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Clin Endocrinol (Oxf). 2016 Feb;84(2):257-264. doi: 10.1111/cen.12724. Epub 2015 Feb 17.

Increasing thyroid cancer incidence in Queensland, Australia 1982-2008 - true increase or overdiagnosis?

Author information

School of Population Health, The University of Queensland, Herston, Brisbane, Qld, Australia.
Population Health Department, QIMR Berghofer Medical Research Institute, Herston, Brisbane, Qld, Australia.
Department of Endocrinology and Diabetes, Royal Brisbane & Women Hospital, Brisbane, Qld, Australia.
Cancer Council Queensland, Brisbane, Qld, Australia.
School of Public Health and Social Work, Queensland University of Technology, Brisbane, Qld, Australia.
Griffith Health Institute, Griffith University, Gold Coast, Qld, Australia.
Cancer Care Services, Royal Brisbane & Women Hospital, Brisbane, Qld, Australia.



Thyroid cancer incidence has been increasing worldwide. Some suggest greater ascertainment of indolent tumours is the only driver, but others suggest there has been a true increase. Increases in Australia appear to have been among the largest in the world, so we investigated incidence trends in the Australian state of Queensland to help understand reasons for the rise.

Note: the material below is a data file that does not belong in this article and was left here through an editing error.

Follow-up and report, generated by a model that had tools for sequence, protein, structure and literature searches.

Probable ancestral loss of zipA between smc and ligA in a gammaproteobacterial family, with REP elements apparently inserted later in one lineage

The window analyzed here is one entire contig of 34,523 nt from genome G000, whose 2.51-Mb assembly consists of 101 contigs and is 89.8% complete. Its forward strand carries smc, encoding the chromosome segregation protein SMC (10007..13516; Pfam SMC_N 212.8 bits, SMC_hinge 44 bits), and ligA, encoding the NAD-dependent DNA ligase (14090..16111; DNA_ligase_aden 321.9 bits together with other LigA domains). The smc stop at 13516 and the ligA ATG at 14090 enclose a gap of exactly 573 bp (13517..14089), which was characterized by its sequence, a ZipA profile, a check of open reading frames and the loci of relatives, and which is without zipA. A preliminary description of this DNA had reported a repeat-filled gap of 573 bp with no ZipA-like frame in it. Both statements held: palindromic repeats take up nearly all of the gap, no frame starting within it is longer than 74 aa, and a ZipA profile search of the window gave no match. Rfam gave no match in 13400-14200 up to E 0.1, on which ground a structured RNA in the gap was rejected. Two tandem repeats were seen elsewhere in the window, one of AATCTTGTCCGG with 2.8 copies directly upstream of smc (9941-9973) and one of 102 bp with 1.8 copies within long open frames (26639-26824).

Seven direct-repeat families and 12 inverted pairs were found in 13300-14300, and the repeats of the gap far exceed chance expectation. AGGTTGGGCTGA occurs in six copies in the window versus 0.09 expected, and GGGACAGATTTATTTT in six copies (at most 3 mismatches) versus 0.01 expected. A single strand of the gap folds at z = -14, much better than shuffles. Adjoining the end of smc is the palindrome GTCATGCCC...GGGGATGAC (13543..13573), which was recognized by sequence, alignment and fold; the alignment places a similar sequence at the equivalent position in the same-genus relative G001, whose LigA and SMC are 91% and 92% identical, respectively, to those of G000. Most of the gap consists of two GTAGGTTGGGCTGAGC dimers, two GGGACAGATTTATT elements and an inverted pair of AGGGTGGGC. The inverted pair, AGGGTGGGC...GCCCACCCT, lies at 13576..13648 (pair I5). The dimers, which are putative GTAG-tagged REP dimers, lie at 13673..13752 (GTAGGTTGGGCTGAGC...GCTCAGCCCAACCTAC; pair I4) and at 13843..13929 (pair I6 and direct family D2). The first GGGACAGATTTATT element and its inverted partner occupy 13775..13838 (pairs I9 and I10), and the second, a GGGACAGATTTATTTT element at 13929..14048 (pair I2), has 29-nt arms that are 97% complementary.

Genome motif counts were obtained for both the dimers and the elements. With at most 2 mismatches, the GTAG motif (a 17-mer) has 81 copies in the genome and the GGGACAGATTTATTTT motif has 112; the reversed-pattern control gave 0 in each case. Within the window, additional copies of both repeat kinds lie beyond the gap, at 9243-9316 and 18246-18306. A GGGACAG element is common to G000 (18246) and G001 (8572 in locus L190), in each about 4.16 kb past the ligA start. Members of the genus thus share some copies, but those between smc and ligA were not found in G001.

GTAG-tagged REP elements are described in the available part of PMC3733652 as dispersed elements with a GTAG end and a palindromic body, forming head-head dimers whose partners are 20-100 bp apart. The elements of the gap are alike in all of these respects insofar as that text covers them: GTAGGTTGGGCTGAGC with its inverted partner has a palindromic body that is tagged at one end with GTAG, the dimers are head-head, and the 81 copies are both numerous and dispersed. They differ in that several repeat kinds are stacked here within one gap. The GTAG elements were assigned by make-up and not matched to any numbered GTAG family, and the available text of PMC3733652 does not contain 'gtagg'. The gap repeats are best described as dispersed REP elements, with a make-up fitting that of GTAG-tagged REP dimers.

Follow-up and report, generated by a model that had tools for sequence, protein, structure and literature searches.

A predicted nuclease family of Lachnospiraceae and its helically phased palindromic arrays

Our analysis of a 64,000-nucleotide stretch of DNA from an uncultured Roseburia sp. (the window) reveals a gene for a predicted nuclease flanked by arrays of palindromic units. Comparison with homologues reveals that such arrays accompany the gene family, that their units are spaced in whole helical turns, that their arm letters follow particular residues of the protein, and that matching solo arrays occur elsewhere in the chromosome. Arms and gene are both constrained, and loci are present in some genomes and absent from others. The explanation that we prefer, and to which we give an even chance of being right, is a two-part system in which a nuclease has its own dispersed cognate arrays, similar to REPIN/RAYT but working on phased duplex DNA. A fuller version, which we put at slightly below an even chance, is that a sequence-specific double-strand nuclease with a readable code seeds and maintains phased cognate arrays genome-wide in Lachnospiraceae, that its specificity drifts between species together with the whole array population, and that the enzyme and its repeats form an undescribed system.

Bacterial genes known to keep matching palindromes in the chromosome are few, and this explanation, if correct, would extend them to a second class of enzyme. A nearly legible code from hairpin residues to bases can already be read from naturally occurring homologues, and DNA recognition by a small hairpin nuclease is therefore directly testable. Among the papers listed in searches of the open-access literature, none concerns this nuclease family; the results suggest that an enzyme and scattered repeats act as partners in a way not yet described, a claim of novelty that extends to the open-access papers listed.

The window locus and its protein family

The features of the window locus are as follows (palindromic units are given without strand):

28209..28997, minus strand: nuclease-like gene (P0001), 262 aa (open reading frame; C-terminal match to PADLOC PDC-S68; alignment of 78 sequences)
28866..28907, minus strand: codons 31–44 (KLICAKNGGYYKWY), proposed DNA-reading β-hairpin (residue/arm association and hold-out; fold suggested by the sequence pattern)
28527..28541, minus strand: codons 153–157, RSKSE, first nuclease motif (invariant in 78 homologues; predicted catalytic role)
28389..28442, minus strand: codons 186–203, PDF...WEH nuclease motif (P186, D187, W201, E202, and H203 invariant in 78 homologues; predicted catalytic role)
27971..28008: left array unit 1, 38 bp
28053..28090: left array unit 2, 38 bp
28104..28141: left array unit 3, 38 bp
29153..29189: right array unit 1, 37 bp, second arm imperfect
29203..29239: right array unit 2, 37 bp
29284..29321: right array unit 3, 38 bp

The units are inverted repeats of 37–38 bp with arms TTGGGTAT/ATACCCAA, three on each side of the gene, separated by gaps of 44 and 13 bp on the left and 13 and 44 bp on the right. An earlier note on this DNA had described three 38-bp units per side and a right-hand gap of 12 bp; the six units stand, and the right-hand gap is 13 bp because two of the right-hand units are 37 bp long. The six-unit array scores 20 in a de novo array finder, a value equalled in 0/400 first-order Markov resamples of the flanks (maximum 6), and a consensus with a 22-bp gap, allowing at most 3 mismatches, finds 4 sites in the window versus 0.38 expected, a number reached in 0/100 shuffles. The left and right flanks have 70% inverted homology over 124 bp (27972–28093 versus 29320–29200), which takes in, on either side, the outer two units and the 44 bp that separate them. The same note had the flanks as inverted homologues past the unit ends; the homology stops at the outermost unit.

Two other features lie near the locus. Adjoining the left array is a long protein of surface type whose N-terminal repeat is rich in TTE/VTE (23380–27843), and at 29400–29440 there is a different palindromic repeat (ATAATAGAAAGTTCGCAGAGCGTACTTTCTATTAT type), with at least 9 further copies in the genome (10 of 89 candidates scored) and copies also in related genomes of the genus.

Thyroid cancers diagnoses in Queensland 1982-2008 were ascertained from the Queensland Cancer Registry. We calculated age-standardized incidence rates (ASR) and used Poisson regression to estimate annual percentage change (APC) in thyroid cancer incidence by socio-demographic and tumour-related factors.


Thyroid cancer ASR in Queensland increased from 2·2 to 10·6/100 000 between 1982 and 2008 equating to an APC of 5·5% [95% confidence interval (CI) 4·7-6·4] in men and 6·1% (95% CI 5·5-6·6) in women. The rise was evident, and did not significantly differ, across socio-economic and remoteness-of-residence categories. The largest increase seen was in the papillary subtype in women (APC 7·9%, 95% CI 7·3-8·5). Incidence of localized and more advanced-stage cancers rose over time although the increase was greater for early-stage cancers.


There has been a marked increase in thyroid cancer incidence in Queensland. The increase is evident in men and women across all adult age groups, socio-economic strata and remoteness-of-residence categories as well as in localized and more advanced-stage cancers. Our results suggest 'overdiagnosis' may not entirely explain rising incidence. Contemporary aetiological data and individual-level information about diagnostic circumstances are required to further understand reasons for rising thyroid cancer incidence.


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